Trail cameras have gotten more and more popular in recent years. As technology has improved and the cameras themselves have gotten more compact, their uses are almost limitless. Once used primarily as a scouting tool for whitetail hunting, today’s cameras can be a beneficial asset in the covert scouting of all wildlife.
Since we’re in the heart of turkey season over most of North America, let’s take a look at how the proper utilization of trail cameras can help you keep abreast of what the local turkey population is currently doing in your neck of the woods.
Locating areas and setting up trail cameras for turkeys isn’t much different than doing so for whitetails. Turkeys, like whitetails, are very pattern-able. They roost in the same general areas and follow the ever changing food supplies.
If you’re hunting a new property, the key is to put your boots on the ground to get a general idea of how the turkeys are utilizing that property. If it’s an area that you’re already familiar with, you probably have a working knowledge of how they’re traversing the landscape.
Recommended placement for trail cameras include roosting areas where turkeys fly up and down from roost trees, strut zones which are typically flat and open areas with good visibility, travel corridors such as logging roads and ridge lines as well as shading and dusting sights which are typically along field edges. After you find out where these hot spots are located, your trail cameras will pin point the exact location and time you need to be set up at any given area.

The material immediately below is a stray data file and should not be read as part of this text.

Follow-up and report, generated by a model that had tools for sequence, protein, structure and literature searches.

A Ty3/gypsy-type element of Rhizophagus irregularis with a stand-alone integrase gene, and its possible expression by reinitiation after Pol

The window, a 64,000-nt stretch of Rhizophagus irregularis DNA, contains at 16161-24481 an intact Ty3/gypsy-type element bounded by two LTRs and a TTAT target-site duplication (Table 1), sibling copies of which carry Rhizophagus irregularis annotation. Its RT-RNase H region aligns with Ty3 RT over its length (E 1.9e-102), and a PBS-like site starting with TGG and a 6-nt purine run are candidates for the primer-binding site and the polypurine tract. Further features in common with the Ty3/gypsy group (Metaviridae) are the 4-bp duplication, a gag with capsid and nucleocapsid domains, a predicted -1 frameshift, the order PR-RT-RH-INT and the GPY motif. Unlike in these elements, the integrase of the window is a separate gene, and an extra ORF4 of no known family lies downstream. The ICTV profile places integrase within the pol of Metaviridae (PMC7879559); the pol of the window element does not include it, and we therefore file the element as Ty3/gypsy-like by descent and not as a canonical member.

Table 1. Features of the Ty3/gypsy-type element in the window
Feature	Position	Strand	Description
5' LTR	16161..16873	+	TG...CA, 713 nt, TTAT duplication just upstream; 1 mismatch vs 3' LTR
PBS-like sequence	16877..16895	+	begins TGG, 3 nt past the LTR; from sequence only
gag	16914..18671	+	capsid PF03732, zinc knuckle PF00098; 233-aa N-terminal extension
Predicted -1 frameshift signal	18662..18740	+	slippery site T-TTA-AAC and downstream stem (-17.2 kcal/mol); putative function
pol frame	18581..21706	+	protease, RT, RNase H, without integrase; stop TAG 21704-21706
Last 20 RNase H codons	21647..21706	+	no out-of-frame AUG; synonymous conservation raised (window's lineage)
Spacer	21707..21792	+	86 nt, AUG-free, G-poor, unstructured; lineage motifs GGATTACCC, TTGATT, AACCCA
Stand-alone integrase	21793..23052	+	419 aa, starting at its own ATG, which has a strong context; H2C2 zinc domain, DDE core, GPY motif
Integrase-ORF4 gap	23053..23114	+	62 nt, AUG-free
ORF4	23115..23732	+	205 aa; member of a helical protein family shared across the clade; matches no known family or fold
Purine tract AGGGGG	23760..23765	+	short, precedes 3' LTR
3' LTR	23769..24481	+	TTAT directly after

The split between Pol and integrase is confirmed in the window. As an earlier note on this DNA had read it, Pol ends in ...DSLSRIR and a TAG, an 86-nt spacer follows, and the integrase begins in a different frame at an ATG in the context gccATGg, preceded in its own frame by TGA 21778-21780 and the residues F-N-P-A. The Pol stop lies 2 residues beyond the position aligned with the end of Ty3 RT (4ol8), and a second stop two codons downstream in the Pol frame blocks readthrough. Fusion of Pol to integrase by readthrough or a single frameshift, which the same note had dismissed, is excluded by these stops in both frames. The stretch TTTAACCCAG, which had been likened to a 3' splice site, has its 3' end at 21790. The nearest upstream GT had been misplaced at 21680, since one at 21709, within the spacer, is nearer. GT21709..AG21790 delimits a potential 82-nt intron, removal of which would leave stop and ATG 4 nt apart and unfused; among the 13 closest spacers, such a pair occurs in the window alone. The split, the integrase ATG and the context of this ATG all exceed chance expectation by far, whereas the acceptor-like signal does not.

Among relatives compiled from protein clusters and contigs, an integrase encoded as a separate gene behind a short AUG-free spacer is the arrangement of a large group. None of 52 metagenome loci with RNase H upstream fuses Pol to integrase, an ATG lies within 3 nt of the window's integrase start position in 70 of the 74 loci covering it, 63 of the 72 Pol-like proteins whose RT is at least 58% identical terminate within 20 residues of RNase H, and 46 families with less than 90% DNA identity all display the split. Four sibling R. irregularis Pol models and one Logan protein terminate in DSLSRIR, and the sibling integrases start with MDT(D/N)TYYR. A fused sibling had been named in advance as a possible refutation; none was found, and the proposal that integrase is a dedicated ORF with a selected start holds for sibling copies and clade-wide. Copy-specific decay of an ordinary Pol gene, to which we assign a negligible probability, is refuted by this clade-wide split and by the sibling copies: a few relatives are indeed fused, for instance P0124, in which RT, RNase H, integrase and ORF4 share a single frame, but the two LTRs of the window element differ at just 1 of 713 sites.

Once you have an idea of where to place your cameras, cover as many of the areas with cameras as possible. This will give you a better idea of which areas are currently being utilized and at what time of the day. The advantage of finding “hot” turkey sign is that you know it was made during the daylight hours. Turkeys are not nocturnal in any form.
The best time to hang and check your cameras is mid-afternoon when the turkeys aren’t as active. However, be sure to spend as little time as possible in the immediate area. The object is to be able to set up within crossbow range of a wary gobbler in one of these pre-selected areas so the less pressure you put on the turkeys the better.
When hanging cameras in the woods, I prefer to hang them a bit lower than I do for whitetails. Generally the rule of thumb is waist high for whitetails and thigh high for turkeys. Due to their smaller size, a turkey can often times get past a camera without triggering it. Ideally we want to capture as much of the flock as possible to determine if there’s a gobbler with it and what direction they’re traveling.
The opposite is true when placing a camera on a field edge to cover a dusting or shading site. In this scenario I prefer to hang my cameras head high for two reasons. First, spring time growing rates of weeds and grasses can be a problem for the field of view of the camera. Second, you will have a wider field of view of the image itself. It’s not uncommon to have a turkey trip the camera up close which will reveal several other birds further out in the field.
Once you have all of your cameras properly hung in the best locations it’s only a matter of time until you start to see time and location patterns develop. At that point all you need to do is slip into the area with your crossbow, set up accordingly, and put an arrow into Mr. Tom.